This Example demonstrates another poly(1,2-butadiene) type resin. In a similar fashion to Example 3, a resin was prepared which contained 2000 gm of B3000, poly(1,2-butadiene) resin (no. avg. M.W. 3000±300) and 1000 gm to t-butyl styrene, and 80 gm of dicumyl peroxide. The viscosity of this resin was 1200 cps at 19.5° C. as measured with a Brookfield viscometer. This resin had a density of 0.96 gm/cm3 after cure.
The mixing of the resin and cure of Examples 1-4, was repeated using a different resin. 2000 Gm of a carboxy-terminated poly(1,2-butadiene) resin (no. avg. M.W. 2600) was used. This was prepared from a hydroxy-terminated poly(1,2-butadiene) resin (no. avg. M.W. 2000±200) by reaction with an excess of toluene diisocyanate (TDI) so that the poly(1,2-butadiene) chain was end-capped with an unreacted isocyanate group; the unreacted isocyanate groups being then reacted with hydroxyethyl methacrylate to yield a 1,2-polybutadiene chain end-capped with reactive methacrylate vinyl bonds. This material was mixed with 80 gm of dicumyl peroxide dissolved in 1500 gm of t-butyl styrene. The resultant mixed resin had a viscosity of 1800 cps at 20° C. and a density of 1.00 gm/cm3 after cure.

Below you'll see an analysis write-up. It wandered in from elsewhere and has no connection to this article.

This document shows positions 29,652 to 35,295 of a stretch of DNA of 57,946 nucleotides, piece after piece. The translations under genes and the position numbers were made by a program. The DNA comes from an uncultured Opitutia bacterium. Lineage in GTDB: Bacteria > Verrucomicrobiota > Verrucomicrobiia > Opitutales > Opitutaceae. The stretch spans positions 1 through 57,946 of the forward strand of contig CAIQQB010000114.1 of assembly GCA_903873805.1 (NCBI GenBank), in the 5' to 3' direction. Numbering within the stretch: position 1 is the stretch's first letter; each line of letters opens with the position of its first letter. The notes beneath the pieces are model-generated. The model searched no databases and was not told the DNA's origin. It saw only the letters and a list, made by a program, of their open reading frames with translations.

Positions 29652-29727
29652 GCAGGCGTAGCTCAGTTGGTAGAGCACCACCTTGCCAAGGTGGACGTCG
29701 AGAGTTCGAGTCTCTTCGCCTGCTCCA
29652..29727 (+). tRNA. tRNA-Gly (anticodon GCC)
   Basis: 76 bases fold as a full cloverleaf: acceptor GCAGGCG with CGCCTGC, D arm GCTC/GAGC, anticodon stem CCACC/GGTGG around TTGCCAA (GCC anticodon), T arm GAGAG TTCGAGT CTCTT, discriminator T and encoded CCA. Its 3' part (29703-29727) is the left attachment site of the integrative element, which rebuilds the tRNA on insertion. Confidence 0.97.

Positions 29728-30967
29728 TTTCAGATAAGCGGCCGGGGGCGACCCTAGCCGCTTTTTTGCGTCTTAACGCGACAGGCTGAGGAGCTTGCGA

This Example demonstrates a mixed type resin. In a similar fashion to the preparative procedures in the preceding Examples, 1350 gm of C1000 and 1350 gm of B1000 resins, 108 gm of dicup dissolved in 810 gm of t-butyl styrene and 216 gm of Bakelite® Epoxy resin, ERL 4221, i.e., 3,4-epoxycyclohexylmethyl-3,4-epoxycyclohexane carboxylate, were mixed together to form a homogeneous solution. The resin formulation had a viscosity of 1600 cps at 20° C. and may be refrigerated for storage to insure extended shelf life. This material was tested as is and also with an epoxy accelerator, AMC®-2 chromium octoate, (0.2%) being added just before curing.